ANNAPOLIS, Maryland — Time is running out for uninsured motorists in Maryland to take advantage of a program that forgives 80 percent of uninsured-driving debts that became delinquent before 2017.
Debtors have until Dec. 31 to register for the program and begin repaying the remaining 20 percent of their total fines. If an individual registers and pays at least one-sixth of their remaining 20 percent of debt by the end of the year, they have until June 2020 to finish paying.
There are approximately 308,000 unique debtors, who combined have close to 400,000 total unpaid debts, according to Maryland Auto Chief Executive Officer Mark McCurdy.
The average debt is in the range of $2,400 to $2,500, McCurdy told Capital News Service. The fines are issued to drivers found operating a vehicle without insurance or allowing the coverage to lapse on a registered vehicle, and those debts prevent people from renewing their registration.
After a law was passed in Maryland’s General Assembly in 2018 to allow the program, the state’s Motor Vehicle Administration and the uninsured division of Maryland Auto — formerly known as the Maryland Automobile Insurance Fund, or MAIF — partnered to put the program in place.
The program is called the 2019 Maryland Uninsured Drivers Incentive Program, or FineFix for short, and aims to get uninsured drivers the coverage they need to get back behind the wheel — legally.
The state’s transportation agency “is focused on ensuring all drivers have proper insurance to ensure safety on our roadways,” Motor Vehicle Administration spokeswoman Whitney Nichels said. “We are happy to work with Maryland Auto Insurance on the FineFix program to help drivers get back on the road.”
When motorists register a vehicle, they must provide proof of insurance and cannot have any outstanding fines with the Motor Vehicle Administration. When drivers are kept off the road, it’s difficult to find work, according to Thomas “Mac” Middleton, a former state senator who co-sponsored the 2018 bill to create the program.
As a condition of the program, the individual must secure insurance for any vehicle they already own or subsequently register.
Drivers can enlist the help of Maryland Auto, which provides liability insurance to those who are unable to obtain coverage from a private company.
In Maryland, the initial penalty for driving uninsured includes the suspension of registration and a $150 fine. The fine grows after 30 days, when a $7 fee accrues each day. The maximum penalty per year is $2,500, according to Nichels.
Maryland’s Central Collection Unit, a state entity for debt recovery, and the Motor Vehicle Administration have historically collected only one-third of the uninsured motor debts, according to a legislative analysis. With so much money left unpaid, amnesty programs like this help recover a portion of that money and help drivers get back on the road legally.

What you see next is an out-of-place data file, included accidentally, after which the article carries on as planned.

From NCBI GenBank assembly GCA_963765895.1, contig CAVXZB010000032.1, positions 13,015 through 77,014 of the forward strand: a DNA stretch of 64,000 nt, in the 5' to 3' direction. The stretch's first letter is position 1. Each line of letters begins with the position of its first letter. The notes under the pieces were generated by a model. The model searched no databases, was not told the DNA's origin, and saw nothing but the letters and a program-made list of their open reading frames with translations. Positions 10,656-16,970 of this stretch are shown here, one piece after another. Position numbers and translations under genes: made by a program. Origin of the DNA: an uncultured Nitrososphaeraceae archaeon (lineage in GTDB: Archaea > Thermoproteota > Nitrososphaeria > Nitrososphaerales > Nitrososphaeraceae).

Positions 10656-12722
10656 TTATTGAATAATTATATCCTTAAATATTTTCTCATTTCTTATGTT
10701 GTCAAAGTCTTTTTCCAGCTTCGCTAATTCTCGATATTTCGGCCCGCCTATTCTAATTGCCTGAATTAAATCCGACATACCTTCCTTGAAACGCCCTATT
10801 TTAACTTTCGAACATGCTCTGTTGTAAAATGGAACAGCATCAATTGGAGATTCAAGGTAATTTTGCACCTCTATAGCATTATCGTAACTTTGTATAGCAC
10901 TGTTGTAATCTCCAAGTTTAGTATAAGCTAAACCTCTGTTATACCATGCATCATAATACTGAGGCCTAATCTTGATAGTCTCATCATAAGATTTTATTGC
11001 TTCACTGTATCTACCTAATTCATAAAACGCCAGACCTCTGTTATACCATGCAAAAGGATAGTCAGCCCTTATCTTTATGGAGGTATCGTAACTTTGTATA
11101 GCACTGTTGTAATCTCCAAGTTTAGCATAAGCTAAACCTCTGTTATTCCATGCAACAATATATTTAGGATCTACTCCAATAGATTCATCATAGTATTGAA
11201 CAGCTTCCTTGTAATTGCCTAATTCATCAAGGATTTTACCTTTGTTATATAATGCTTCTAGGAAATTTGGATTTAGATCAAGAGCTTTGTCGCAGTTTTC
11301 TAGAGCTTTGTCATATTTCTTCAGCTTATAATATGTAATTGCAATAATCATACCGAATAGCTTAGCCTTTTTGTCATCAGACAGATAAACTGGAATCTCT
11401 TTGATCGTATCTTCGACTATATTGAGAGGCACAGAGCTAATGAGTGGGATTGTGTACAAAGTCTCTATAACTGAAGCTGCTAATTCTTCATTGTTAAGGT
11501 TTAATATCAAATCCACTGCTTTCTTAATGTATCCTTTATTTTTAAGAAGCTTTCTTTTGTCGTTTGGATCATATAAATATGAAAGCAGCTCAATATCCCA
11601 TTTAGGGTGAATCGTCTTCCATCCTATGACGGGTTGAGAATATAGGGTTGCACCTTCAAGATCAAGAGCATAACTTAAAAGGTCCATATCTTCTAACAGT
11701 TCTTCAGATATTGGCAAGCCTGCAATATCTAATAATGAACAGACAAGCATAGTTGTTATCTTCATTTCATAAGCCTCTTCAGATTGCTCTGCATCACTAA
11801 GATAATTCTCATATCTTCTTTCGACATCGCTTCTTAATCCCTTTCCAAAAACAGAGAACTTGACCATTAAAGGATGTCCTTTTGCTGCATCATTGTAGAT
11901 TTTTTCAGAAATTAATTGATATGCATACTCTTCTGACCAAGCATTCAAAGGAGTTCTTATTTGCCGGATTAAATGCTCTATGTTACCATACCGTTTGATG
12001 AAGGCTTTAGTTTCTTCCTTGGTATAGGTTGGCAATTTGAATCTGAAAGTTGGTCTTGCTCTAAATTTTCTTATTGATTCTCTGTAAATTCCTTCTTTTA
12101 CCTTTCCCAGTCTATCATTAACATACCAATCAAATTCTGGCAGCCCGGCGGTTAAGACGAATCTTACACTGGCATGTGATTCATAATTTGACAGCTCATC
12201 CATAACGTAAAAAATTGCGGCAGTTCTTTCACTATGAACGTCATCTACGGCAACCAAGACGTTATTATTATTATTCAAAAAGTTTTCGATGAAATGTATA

The process to make debtors aware of this program began in July with mail and emails to eligible participants, followed by a push on social media.
But according to Middleton, who now works with Maryland Auto as a government and policy administrator, there’s an additional need to address skepticism of an opportunity that some would say seems too good to be true.
“The difficulty we’re having is there’s so many gimmicks out there,” Middleton said, referring to scams that circulate in the mail or online.
To dispel any doubt, Maryland Auto officials have visited churches, coalitions, commissions and minority groups to promote the program.
As of early November, McCurdy said, 11,555 of the approximate 308,000 people had capitalized on the opportunity. With those payments, the program recovered over $2 million in unpaid fines, while forgiving over $8 million of the Central Collection Unit’s $816 million in outstanding debts, estimated in the 2018 legislative analysis.
The Motor Vehicle Administration, with the assistance of the Maryland Auto Insurance Fund (now known as Maryland Auto) and Central Collections Unit, administered a similar program in 2017 that forgave 80 percent of an individual’s uninsured debts from before Jan. 1, 2014.
That program resulted in a 5.3 percent participation rate, 10,234 unique debts paid of the 192,115 outstanding, and recovered approximately $3.9 million.
McCurdy said the 2019 iteration of the program is an improvement of the 2017 edition, which he classified as “overly restrictive.”
One restriction in the previous version was a mandate that the participant had to register a vehicle within six months of paying off 20 percent of their debt.
“We are trying to take advantage of the lessons learned,” McCurdy said. “People who are living on the economic line shouldn’t be required to pay a fine, then buy a car.”
The Motor Vehicle Administration and Maryland Auto encouraged people to visit the FineFix page online at finefix.maryland.gov — to check their eligibility for the program ahead of the Dec. 31 deadline.